When President Barack Obama first made it clear that he wanted to engage Iran in dialogue without preconditions, it sent shockwaves through conservative circles in the United States, fuelling criticism and having him labelled, by his critics, as naïve and inexperienced. But did these words actually have an effect in Iran?
Some have begun to float the idea that they did, and were actually a contributing factor to the internal strife and crisis that came to pass on June 12 in Iran.
So where can one begin? How can one establish links between the two?
To help, the relationship between Iran and the US, should be examined, and then the underlying internal causes of the recent crisis in Iran.
One can argue that there is a correlation between the two, though it may be difficult to establish a direct causative relationship in a situation that is so complex. It would help to try and find the most influential events and trends that came together to cause the recent crisis and, hopefully, determine exactly what influence, if any, Obama’s change in policy had on Iran.
The relationship between the Islamic Republic and the US has improved, as they are now communicating for the first time in almost 30 years. This is only the first step, and it is one of the lone bright spots in the last five years.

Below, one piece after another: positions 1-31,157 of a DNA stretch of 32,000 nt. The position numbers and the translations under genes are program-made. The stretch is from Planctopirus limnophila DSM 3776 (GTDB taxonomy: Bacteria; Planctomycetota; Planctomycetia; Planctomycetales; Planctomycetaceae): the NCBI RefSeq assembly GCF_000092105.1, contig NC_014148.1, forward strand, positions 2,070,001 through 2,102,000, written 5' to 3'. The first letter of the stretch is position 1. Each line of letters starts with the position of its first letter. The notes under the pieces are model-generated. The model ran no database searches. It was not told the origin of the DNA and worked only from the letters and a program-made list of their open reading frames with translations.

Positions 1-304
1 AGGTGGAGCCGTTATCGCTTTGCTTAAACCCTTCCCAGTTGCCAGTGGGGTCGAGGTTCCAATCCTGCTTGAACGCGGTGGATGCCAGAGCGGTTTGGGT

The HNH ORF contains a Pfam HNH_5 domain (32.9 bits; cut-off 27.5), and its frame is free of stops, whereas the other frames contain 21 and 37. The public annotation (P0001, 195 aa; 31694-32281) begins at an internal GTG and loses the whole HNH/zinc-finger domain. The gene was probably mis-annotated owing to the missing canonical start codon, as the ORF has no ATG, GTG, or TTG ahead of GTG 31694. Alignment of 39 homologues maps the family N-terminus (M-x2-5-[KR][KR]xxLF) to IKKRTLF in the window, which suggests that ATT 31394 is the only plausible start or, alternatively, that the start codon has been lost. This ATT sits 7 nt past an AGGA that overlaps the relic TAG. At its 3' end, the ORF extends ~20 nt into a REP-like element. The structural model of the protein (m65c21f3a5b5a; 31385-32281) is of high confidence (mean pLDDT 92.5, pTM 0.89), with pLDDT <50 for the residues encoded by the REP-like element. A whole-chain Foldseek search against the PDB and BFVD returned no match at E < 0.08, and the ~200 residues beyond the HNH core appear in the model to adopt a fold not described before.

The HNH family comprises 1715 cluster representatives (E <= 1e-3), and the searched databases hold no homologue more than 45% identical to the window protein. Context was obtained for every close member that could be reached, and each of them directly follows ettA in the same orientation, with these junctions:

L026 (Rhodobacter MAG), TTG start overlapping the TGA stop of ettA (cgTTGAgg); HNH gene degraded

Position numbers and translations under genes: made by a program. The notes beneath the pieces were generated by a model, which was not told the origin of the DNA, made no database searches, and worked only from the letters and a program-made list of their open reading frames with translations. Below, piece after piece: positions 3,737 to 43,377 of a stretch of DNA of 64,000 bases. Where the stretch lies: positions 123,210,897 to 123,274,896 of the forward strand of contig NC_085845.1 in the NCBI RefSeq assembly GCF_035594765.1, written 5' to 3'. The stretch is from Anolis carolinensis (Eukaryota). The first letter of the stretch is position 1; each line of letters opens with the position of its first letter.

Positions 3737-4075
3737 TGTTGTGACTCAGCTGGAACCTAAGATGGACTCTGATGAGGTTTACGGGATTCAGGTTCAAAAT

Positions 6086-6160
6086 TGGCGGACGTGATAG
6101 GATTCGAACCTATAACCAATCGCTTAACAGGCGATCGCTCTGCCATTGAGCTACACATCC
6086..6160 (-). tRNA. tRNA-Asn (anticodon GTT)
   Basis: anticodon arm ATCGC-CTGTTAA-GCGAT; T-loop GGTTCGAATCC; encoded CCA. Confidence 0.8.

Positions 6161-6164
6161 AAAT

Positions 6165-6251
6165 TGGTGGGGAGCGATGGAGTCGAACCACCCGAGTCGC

Iranian President Mahmoud Ahmadinejad has made several overtures, insinuating that the United States government lies to its people and did not tell its citizens the truth about the events of September 11, and in 2006, he invited then president George W. Bush to a debate Iran’s nuclear programme, which was flatly rejected by the White House spokesperson Tony Snow.
The United States had allegations of its own, saying that Tehran was supporting Shiite militants inside Iraq.
So, if Ahmadinejad wanted dialogue with the Bush administration, why has he shied away from talks with the Obama administration?
Obama’s statements reaching out to Iran would suit what Ahmadinejad said he wanted, which is an open dialogue with the US. It now seems that this was purely posturing.
As for the internal causes of the crisis in Iran, there are many pressures working against Ahmadinejad, among them rising unemployment and inflation since he became president in 2005. Iran is not isolated from the global financial crisis, but the exaggerated economic problems in the country, with close to one in five citizens living below the poverty line, have become fuel for his critics of his economic policies.
Ahmadinejad seems to be focusing too much on international politics and his country’s nascent nuclear programme, to the detriment of his country’s economy and social welfare. Moreover, one should remember that engaging with the United States will imply compromises that Ahmadinejad and his conservative circles cannot afford to make.
Is there, again, a connection between Obama’s offer to normalise relations and the events that came to pass in Iran?
At most, the offer seems to be the proverbial straw that broke the camel’s back. If there was internal discord building for a while, a growing feeling that Ahmadinejad’s posturing and opposition to the United States was distracting him from domestic problems, Obama’s proposal may have weakened the logic that underpinned Ahamdinejad’s foreign policy and decisively discredited him among moderate Iranians.
Is this the true nature of things?
Jordan Times, 3 September 2009